A Common Word Between Us and You sent to Christian leaders
In October 2007, 138 Muslim leaders sent an open letter, "A Common Word Between Us and You," to Christian leaders. It has elicited responses throughout the Christian community. MORE
Catholics and Muslims say they represent half the world's peoples
Dialogue among Catholics and Muslims is important because half of the world's people belong to these two groups, said the imam of the Islamic center in Rochester, New York, at a celebration of six years of a Muslim-Catholic Agreement of Understanding and Cooperation signed by the Greater Rochester Council of Masajid and the Diocese of Rochester. Louay Safi of the Islamic Society of North America (ISNA) asserted on the occasion that justice is necessary to promote peace and that it comes through the respect of human dignity. Francis X. (Butch) Mazur is the ecumenical officer for the diocese.
Since 1996, a Midwest Catholic-Muslim dialogue has been sponsored by the ecumenical and interreligious committee of the U.S. Conference of Catholic Bishops and the Islamic Society of North America. The group, which gathers yearly, has published, Revelation: Catholic and Muslim Perspectives (ISBN #978-1-57455-630-8). Co-chairs are Sayyid Syeed (pictured) and Bp. Francis Reiss.
What should Christians do in dialogue with Muslims?
A conversation among Christians in October 2008 was motivated by a desire to better respond to "A Common Word," a letter of invitation from Muslims to Christians for improved relationships. Some helpful guidelines can be derived from outcomes of the consultation:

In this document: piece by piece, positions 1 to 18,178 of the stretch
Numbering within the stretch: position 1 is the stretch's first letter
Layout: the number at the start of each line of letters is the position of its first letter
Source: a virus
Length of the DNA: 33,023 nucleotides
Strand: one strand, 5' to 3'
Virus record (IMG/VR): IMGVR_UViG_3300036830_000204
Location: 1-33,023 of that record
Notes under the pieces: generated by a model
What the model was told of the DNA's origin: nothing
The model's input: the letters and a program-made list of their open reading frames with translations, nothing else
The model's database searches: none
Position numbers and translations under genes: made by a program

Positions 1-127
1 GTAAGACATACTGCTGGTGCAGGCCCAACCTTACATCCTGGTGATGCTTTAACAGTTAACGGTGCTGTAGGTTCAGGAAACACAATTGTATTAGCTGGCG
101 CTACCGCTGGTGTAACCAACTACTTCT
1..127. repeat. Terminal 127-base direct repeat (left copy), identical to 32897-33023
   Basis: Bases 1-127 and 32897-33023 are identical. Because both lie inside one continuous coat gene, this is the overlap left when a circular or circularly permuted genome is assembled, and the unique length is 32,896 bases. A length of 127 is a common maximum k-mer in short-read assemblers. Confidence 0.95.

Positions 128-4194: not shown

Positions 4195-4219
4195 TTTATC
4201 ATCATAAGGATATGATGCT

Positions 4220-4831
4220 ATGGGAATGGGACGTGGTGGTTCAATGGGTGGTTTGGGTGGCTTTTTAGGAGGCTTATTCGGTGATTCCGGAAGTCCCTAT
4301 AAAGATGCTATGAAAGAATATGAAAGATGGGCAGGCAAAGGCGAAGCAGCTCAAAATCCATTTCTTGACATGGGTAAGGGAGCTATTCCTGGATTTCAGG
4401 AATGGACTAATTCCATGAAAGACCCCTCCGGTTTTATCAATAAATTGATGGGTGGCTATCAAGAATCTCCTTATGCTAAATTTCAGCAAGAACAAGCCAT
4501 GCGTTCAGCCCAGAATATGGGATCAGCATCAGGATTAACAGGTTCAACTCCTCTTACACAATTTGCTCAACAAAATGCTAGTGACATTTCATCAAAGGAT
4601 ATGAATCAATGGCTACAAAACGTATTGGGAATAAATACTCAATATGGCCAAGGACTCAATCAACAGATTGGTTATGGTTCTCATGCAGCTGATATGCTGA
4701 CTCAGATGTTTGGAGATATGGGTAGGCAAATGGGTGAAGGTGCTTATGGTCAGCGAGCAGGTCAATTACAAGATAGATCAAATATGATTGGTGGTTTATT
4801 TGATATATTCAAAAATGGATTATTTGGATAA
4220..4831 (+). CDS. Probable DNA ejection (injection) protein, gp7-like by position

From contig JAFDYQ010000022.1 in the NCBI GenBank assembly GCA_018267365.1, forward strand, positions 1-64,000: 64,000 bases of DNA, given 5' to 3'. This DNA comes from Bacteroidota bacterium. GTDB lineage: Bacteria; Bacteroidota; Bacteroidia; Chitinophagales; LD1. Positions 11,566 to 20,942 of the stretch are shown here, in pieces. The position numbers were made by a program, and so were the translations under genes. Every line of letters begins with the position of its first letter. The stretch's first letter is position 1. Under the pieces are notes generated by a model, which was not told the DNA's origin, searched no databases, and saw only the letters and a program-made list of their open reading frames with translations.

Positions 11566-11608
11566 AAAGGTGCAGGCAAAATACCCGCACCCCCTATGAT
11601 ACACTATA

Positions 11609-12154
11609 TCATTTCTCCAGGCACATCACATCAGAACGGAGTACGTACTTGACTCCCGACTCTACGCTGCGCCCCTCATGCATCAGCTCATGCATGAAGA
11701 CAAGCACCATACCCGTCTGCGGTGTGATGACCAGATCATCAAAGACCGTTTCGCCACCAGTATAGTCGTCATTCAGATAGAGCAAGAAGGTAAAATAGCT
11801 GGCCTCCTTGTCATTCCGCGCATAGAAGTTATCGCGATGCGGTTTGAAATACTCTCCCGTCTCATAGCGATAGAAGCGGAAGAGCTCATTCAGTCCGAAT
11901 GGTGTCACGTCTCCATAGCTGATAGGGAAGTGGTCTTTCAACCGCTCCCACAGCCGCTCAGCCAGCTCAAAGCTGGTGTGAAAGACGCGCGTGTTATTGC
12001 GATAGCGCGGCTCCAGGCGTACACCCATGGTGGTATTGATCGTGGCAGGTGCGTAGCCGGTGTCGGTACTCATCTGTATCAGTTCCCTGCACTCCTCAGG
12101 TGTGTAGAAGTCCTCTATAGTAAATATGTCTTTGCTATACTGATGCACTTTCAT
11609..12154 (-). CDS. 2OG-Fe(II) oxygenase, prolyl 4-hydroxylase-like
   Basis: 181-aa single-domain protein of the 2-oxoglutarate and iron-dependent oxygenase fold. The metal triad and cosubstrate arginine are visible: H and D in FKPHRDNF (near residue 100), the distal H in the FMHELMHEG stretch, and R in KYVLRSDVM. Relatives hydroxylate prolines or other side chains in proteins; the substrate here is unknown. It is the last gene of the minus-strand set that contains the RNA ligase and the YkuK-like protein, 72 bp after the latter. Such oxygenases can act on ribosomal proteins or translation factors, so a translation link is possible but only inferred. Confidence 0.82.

- Do relate to Muslims. Christian faith teaches love of neighbor regardless of race, gender, or religion. Christian self-understanding can be positively challenged by relating to Muslims.
- Learn about Islam and Muslims.
- Bear witness to your faith in appropriate and sensitive ways.
- Don't forget that some issues must be treated as questions open for continuing discussion between Christians and Muslims. They include human rights and conversion; concepts of secularism, pluralism, and citizenship; religiously identified political ideologies and religiously motivated violence. Understand how you are perceived when you use traditional Christian terms such as mission, witness, conversion.
- Finds ways to collaborate on issues such as social and economic justice, climate change, peace, healing of memories.
The consultation was organized by the World Council of Churches and included participation by a number of world Christian communions (including the World Alliance of Reformed Churches), the World Evangelical Alliance, and the Roman Catholic Church. Presbyterians may find help in responding through use of their own church's resources.
Changing Course report rests on four pillars
A report, Changing Course: A New Direction for U.S. Relations with the Muslim World, is said to be "the first senior, bipartisan, and interfaith U.S. leadership consensus on a comprehensive approach to improving U.S.-Muslim relations." Its proposed strategy rests on four pillars: "diplomacy to reduce conflict, technical assistance to improve governance, economic help to create jobs, and dialogue to build mutual respect and understanding." The 34 leaders who worked on the project include political figures but also Southern Baptist Richard Land; Catholic Denis Madden; Islamic Society of North America then-president Ingrid Mattson, and former AIPAC director Thomas Dine. It was initiated by Search for Common Ground and the Consensus Building Institute. A web site and a DVD made the report popularly available.
Theological inquiry impeded by "complex ignorance"